[The employer paymaster role] measure will generate a significant compliance cost saving for Australian businesses, especially small businesses. Small businesses are particularly impacted by regulations, as they often do not have the resources or specialised staff to deal with compliance requirements. 29
The PPL Amendment Bill has not been debated in the Senate and is almost identical to Schedule 2 of the current Bill.30 The Government has not indicated why it has chosen to reintroduce the employer paymaster measure in the Bill, rather than proceed with the PPL Amendment Bill.
Employer attitudes to the employer paymaster role
The Bill reintroduces the measure contained in the PPL Amendment Bill to enable DHS to pay PLP directly to employees, unless an employer elects to provide the payments to an employee and that employee agrees to their employer acting as paymaster.
In 2014, the following impacts of the employer paymaster role on employers were reported in the PPL Review:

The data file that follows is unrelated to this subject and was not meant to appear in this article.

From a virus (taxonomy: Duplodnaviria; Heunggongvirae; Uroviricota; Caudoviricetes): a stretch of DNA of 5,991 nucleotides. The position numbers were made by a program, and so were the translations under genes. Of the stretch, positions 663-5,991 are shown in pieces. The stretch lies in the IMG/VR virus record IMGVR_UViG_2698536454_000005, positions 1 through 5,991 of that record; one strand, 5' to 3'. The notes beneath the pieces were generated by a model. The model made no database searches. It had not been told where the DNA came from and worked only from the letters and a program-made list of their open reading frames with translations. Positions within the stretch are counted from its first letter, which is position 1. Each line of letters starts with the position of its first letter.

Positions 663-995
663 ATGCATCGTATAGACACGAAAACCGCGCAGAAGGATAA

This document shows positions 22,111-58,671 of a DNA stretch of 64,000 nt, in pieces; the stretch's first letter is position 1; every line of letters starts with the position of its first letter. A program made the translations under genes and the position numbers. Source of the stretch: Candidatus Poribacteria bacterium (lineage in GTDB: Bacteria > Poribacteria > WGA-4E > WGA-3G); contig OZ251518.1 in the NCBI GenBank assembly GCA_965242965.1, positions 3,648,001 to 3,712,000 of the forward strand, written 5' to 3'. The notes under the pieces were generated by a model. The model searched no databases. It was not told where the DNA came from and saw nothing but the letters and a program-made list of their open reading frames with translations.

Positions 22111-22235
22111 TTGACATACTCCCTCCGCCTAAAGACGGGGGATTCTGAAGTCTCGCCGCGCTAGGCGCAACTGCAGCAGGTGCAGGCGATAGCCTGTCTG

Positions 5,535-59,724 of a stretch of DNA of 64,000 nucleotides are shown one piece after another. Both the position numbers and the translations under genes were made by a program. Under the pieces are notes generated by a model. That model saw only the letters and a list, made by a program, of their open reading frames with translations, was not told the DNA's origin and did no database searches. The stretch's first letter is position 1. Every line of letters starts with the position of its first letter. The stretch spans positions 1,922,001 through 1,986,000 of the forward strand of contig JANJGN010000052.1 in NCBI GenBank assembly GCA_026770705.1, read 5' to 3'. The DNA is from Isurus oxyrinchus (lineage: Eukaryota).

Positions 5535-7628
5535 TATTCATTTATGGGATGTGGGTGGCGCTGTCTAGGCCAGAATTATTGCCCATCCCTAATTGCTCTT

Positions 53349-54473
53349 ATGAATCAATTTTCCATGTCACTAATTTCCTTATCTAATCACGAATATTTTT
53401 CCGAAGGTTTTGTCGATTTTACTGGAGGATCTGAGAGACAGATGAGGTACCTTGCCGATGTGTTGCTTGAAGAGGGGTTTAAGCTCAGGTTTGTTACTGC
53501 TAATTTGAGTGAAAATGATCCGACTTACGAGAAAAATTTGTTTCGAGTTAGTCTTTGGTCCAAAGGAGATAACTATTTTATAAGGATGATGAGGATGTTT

â¢ a high proportion of employers found that the scheme had been easy to implement in their organisation, although 41% had found organising payments time consuming
â¢ 29% of employers reported additional costs in providing payments to their employees, primarily due to the extra workload31 and
â¢ the estimated cost of implementing the PPL scheme ranged from $250 to over $1,000:
- 45% of employers estimated the cost to be less than $250 - 21% of employers estimated the cost to be $250-$999 - 20% of employers estimated the cost to exceed $1,000 and - 14% of employers did not know the cost involved.32 Phase 2 of the PPL Review (2012) canvassed 41 employers’ attitudes toward the employer paymaster role. The responses were mixed:
Of the employers who voiced an opinion about the employer role, 14 were positive, 12 were negative, and 12 were neutral or ambivalent. Employers in medium size organisations expressed mostly positive attitudes to the employer role. Employers in large organisations were polarised and either strongly for or strongly against the employer role. Employers in small organisations tended to be mostly negative or ambivalent towards the employer role…Most Phase 2 employers felt it was too early to see if the PPL scheme would lead to improved rates of retention in the organisation following periods of parental leave.